The incidence estimates comply well with the available empirical incidence estimates from four Dutch incidence studies, but have upper and lower bounds that are considerably more narrow than the observed range of values. Three of the four empirical studies reported a (much) lower incidence for the open-ended (oldest) age groups as compared with our estimates. This difference may be due in part to the calculation of the average age for the oldest age groups using a life table. Institutionalized people, who, on average, will be older than the noninstitutionalized, were not included in the empirical studies, but are in the life table. The calculated average age will therefore tend to be higher than the actual one in the studies, causing the data points to be plotted too far to the right.
An assumption implicit in using cross-sectional data is that there is no time trend in incidence and survival. With strong recent time trends in incidence or survival, currently observed cross-sectional prevalence will not be at their equilibrium values. For example, if incidence has recently increased, it will take several years for prevalence to reach the new, higher-equilibrium value. Because the incidence estimate is based on prevalence, it will reflect conditions prevailing in the past, so our estimates may diverge from current incidence.
The IPM model used in this study ignores remission; an extra parameter would be required, of which the value is uncertain. One study evaluated the diabetic status of patients after 8 years of follow-up and reported a remission of 14%. 23 There are reasons to suspect misclassification at baseline to be responsible for at least some of these cases. We assumed remission to be mostly temporary and too small to affect the incidence estimates substantially.
Our resulting incidence estimates are internally consistent with the prevalence and mortality estimates, which is not necessarily a property of empirical estimates, even when done in the same population. For example, the huge increases in prevalence (+40%) simultaneous with large decreases in incidence (–20%), as reported for Manitoba between 1986 and 1991, are difficult to explain. 24,25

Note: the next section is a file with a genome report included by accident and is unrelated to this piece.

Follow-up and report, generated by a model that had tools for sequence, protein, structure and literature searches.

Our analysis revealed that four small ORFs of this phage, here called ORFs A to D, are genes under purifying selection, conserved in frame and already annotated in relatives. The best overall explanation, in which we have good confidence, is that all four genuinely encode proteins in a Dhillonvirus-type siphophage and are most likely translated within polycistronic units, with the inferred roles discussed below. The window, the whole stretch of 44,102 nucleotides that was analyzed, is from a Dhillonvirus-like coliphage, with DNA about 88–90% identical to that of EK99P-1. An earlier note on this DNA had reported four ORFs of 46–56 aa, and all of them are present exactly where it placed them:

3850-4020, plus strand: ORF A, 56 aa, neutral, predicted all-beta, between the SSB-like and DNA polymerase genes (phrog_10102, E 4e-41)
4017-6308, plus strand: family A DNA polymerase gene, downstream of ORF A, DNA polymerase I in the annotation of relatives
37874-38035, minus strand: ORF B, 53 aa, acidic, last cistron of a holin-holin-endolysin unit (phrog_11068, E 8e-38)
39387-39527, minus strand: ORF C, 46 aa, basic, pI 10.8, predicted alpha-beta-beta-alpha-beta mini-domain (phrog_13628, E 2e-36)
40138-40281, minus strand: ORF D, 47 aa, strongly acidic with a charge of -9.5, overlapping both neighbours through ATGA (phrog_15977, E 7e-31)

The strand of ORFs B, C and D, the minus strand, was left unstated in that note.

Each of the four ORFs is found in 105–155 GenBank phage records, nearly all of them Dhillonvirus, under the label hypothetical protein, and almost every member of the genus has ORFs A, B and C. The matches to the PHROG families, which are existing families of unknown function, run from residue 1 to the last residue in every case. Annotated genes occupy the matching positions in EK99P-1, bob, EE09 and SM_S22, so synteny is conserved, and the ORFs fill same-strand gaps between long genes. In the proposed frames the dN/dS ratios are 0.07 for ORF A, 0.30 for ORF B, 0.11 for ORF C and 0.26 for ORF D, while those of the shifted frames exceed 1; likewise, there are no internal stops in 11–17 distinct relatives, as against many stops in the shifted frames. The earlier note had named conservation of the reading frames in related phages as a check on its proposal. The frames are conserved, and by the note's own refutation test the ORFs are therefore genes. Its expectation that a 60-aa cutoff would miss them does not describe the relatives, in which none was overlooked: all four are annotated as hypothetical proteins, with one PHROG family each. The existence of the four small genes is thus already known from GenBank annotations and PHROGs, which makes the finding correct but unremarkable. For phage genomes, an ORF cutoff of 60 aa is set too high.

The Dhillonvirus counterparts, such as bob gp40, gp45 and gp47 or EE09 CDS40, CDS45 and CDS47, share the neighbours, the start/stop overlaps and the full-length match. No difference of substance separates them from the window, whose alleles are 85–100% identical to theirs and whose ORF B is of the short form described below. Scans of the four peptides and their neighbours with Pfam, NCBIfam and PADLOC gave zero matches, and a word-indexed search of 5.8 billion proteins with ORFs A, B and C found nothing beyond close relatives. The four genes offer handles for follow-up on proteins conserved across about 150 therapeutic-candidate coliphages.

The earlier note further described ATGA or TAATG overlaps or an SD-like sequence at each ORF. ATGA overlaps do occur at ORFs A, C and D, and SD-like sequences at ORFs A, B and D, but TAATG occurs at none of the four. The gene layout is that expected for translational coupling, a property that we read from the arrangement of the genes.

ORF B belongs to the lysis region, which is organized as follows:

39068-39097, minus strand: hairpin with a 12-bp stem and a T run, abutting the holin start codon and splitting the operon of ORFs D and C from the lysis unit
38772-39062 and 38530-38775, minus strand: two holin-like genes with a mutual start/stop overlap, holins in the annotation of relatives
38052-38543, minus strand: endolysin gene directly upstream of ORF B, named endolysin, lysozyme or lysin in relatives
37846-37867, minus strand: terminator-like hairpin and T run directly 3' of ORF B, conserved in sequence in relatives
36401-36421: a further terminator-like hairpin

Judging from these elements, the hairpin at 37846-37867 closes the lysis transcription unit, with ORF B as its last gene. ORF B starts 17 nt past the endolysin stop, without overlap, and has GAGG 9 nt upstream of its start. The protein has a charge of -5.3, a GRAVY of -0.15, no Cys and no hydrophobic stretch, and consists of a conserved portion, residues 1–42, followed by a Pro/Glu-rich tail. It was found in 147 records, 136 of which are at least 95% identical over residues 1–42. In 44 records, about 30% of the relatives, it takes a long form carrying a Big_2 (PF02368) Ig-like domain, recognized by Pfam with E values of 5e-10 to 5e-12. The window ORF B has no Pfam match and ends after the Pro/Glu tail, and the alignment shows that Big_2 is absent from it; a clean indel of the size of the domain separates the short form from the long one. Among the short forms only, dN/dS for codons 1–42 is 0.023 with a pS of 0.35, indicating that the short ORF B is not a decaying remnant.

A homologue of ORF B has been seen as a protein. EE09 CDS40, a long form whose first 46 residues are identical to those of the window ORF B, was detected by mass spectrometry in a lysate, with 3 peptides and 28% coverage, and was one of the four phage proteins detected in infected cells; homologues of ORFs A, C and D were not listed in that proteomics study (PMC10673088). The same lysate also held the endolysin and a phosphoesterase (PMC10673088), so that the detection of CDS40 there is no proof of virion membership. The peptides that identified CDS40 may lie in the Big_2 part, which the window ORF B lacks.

The estimate is the incidence necessary to explain observed prevalence and estimated diabetes-related mortality. This calculation allows us to assess the impact on diabetes prevalence and excess mortality of interventions or trends that influence diabetes incidence, even if diabetes incidence itself is difficult to observe. The method is general enough to be used for other diseases for which incidence assessment is a problem, such as dementia. It can also be applied for specific ethnic groups with high prevalences of NIDDM, for example, to assess the potential effectiveness of interventions in such groups. It is in this field, of intervention impact assessment, where the method may prove most useful.
We thank Paul J. van der Maas (Department of Public Health, Erasmus University Rotterdam) and Edith J. Feskens (National Institute for Public Health and the Environment, Bilthoven) for their helpful comments on an earlier draft. This research was funded by The Netherlands Heart Foundation and The Netherlands Institute of Health Sciences.